Cranor doesn't describe the smell any further, but we can assume what Billy is smelling is HIM, Billy's sort of step-dad, dead on the floor of their trailer. Death is all around. And then he jumps 

The next chapter is from Lorna's father's POV, and while it ratchets up the tension in different ways, Cranor uses separate techniques that add a different pile of compounding dread as Coach Taylor realizes that both his daughter and the violent troublemaker he has let in to his house are both missing. But after the preceding chapter, and through Coach Taylor's characterization, we know that the wrath of an angry father is not what is putting these characters in danger. It is something else, something much more base and primitive. And they are very fucking much in danger. 

Returning to Lorna and Billy, we find them in the river, naked, incredibly vulnerable, and again surrounded by the language of death: "Dad will kill me," Lorna says when she notices her earring is missing as the two float downstream in the black water.  Billy dives under to search for it, but "water black and taste like dirt," evoking the grave.

And then, having floated too far downstream, they arrive back at the bacchanalian fire, evocative of Dante's hell itself, the unconscious suggestion that this is all a continuously repeating and inescapable loop, traversed only by the dead or the damned. And Billy, aware of their location, Lorna unaware, voices another issue: 

"We all the way back down to the bonfire." 
"The dam come after the bonfire. And the dam as far downstream as we can go. We float over that dam and we wont't be floating no more."

Lorna opts to get out of the river, naked (vulnerable) and try to skirt past the hellish bonfire, but Billy cautions her. To get past, they'll have to sneak, naked, up the bluff, suggesting another image of falling. 

"Well," she say, not even whispering, (another increase in tension as the bonfire and the hellish revelers are so close by) If it's between falling to my death (that imagery again) over that dam or being seen naked-I'll take the latter."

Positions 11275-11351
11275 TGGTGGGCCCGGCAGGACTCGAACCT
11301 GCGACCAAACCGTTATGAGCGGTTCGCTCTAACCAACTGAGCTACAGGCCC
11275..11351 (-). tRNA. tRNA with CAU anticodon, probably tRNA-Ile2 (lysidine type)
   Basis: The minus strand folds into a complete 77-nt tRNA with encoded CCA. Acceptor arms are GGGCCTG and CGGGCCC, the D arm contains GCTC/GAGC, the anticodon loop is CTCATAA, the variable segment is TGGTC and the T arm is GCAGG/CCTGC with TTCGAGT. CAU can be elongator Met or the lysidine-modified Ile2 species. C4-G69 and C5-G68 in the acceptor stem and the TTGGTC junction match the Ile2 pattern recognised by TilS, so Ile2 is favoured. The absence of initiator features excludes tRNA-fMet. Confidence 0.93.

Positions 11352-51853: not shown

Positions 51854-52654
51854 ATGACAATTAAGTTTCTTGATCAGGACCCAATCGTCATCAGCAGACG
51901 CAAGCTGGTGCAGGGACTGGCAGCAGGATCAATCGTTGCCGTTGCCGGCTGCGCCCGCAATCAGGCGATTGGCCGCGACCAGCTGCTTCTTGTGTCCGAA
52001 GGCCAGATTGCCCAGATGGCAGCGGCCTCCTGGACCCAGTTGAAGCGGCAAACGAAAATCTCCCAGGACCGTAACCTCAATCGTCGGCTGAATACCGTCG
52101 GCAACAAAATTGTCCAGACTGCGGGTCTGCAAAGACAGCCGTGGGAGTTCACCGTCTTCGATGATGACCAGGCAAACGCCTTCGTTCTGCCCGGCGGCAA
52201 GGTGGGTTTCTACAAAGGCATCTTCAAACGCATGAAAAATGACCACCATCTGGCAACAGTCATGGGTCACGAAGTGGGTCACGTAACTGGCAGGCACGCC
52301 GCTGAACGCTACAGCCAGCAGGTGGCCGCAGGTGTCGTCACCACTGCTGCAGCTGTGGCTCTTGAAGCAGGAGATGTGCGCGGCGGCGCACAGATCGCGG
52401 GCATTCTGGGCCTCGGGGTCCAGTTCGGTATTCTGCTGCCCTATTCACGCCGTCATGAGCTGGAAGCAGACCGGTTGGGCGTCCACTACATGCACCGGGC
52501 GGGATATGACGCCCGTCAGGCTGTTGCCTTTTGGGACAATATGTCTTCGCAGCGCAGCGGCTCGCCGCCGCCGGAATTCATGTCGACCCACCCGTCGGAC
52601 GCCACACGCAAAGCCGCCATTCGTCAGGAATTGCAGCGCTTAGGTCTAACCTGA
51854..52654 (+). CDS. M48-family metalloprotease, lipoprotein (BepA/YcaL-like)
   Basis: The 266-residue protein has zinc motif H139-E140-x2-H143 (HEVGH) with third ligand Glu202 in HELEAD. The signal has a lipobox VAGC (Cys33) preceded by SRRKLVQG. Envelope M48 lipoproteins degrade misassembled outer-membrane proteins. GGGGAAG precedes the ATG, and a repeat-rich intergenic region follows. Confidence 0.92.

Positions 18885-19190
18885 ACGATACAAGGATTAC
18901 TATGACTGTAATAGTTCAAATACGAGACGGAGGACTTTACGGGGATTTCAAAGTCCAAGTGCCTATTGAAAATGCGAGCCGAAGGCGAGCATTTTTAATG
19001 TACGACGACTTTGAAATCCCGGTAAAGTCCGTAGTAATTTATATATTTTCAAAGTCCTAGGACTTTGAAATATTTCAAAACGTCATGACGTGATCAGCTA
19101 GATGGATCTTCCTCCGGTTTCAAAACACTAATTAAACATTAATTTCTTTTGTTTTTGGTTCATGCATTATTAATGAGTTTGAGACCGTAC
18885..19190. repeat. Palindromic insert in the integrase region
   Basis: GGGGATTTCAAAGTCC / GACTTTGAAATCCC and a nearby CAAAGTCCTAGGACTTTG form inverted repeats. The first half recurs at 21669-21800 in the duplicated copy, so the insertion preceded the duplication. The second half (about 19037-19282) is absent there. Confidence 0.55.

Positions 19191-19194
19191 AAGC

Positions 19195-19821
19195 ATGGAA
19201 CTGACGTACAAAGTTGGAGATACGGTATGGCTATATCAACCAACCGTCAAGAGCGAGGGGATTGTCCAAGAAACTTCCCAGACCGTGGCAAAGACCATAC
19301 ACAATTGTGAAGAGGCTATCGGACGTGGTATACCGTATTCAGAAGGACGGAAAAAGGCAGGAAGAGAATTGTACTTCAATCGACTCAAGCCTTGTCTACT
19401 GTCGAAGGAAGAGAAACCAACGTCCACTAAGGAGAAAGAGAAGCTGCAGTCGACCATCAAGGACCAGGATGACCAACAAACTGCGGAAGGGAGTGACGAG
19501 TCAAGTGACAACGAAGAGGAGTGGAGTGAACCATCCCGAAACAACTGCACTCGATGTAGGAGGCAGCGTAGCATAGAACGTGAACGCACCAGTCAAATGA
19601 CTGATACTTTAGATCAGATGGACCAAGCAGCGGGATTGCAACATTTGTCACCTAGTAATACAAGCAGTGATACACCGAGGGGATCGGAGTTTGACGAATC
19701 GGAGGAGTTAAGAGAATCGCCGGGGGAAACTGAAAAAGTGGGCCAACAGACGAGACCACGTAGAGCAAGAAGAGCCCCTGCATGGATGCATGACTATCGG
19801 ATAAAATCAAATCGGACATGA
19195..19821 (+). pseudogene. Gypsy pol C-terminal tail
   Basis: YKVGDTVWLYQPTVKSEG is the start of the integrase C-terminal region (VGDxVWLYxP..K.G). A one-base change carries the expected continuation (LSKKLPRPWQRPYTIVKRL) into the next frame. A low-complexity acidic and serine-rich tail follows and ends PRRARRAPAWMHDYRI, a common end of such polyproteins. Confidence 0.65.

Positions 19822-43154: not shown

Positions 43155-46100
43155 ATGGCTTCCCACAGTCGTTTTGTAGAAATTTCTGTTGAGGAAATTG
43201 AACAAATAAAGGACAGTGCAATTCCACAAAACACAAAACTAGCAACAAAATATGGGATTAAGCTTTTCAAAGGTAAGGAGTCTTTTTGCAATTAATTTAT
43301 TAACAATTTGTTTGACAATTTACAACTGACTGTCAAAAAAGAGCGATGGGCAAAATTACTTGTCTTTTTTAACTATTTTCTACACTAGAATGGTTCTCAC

But they're spotted, Lorna twenty feet above Billy on their climb up the bank:

I know they coming through the woods, a whole mess a them, drunk as shit and rowdy. The whole lunch table stomping through the tree line. 
"Lorna," I say. "Listen, this ain't California." 
"Oh my god," she say. "here we go again, another-" 
"Ever one a those boys got a gun, a knife. Something. They drunk as hell and now they hearing sounds in the woods. them boys dream of this, being cowboys and shooting bad guys."
She go quiet. The moon bright enough I can see her eyes on me...

Again, Cranor is establishing that Lorna is geographically and culturally unaware of the danger they are in, while subtly injecting Hell and the moon and the woods and contrasting them with a naked young woman. Through word choice, repetition, and he has conjured an impossible mix of dreadful outcomes. The water below may carry them to the dam and death, pulled by the moon. And thats if someone survives the fall. The land is no safer, having been converted to Hell, filled with bloodlusting, and just plain lusting, drunk young men, armed to the teeth. And the scent, literally, of death is on the wind. 

Hiding under the bank, Billy and Lorna both feel dirt fall on their head, once again evoking both the grave and the scattering of dirt at the culmination of funeral rites. Seeing only one way out, Lorna climbs up on the bank and confronts the men, believing, incorrectly, that, because they play for her father's football team, she'll be safe. But after acknowledging the presence of a shotgun that Billy can't see (the same kind of gun Hemingway blew his skull off with) and then, again, because of cultural confusion, goading them, Lorna is backed up to the edge. Overhearing one of the men imply rape, Billy reaches up and touches Lorna's foot, but at that moment, she slips: 

I reach up. Just gonna touch her ankle. Let her know I'm here and I'm a man's man, like Hemingway. When my fingers tap her ankle she jerk back, like she forgot I's there, toes clawing at the dirt bank, hands slipping at the sky, trying to keep her balance. And then there's only Jarred standing on the ledge, laughing, as Lorna fall down the bluff towards the river and into the moon. 

Look at that again. Hemingway. Dirt. Ledge. Laughing. Down the bluff. Towards the River. Into the Moon. This is life under a death cloud, and, as the chapter ends, we assume at least one, if not both Lorna and Bill are dead, not because anything in the plot us telling us that, in fact, the plot is suggesting at least one of them will be okay, but because of the way Cranor has full on ripped open your skull and whispered to you that doom is in the air.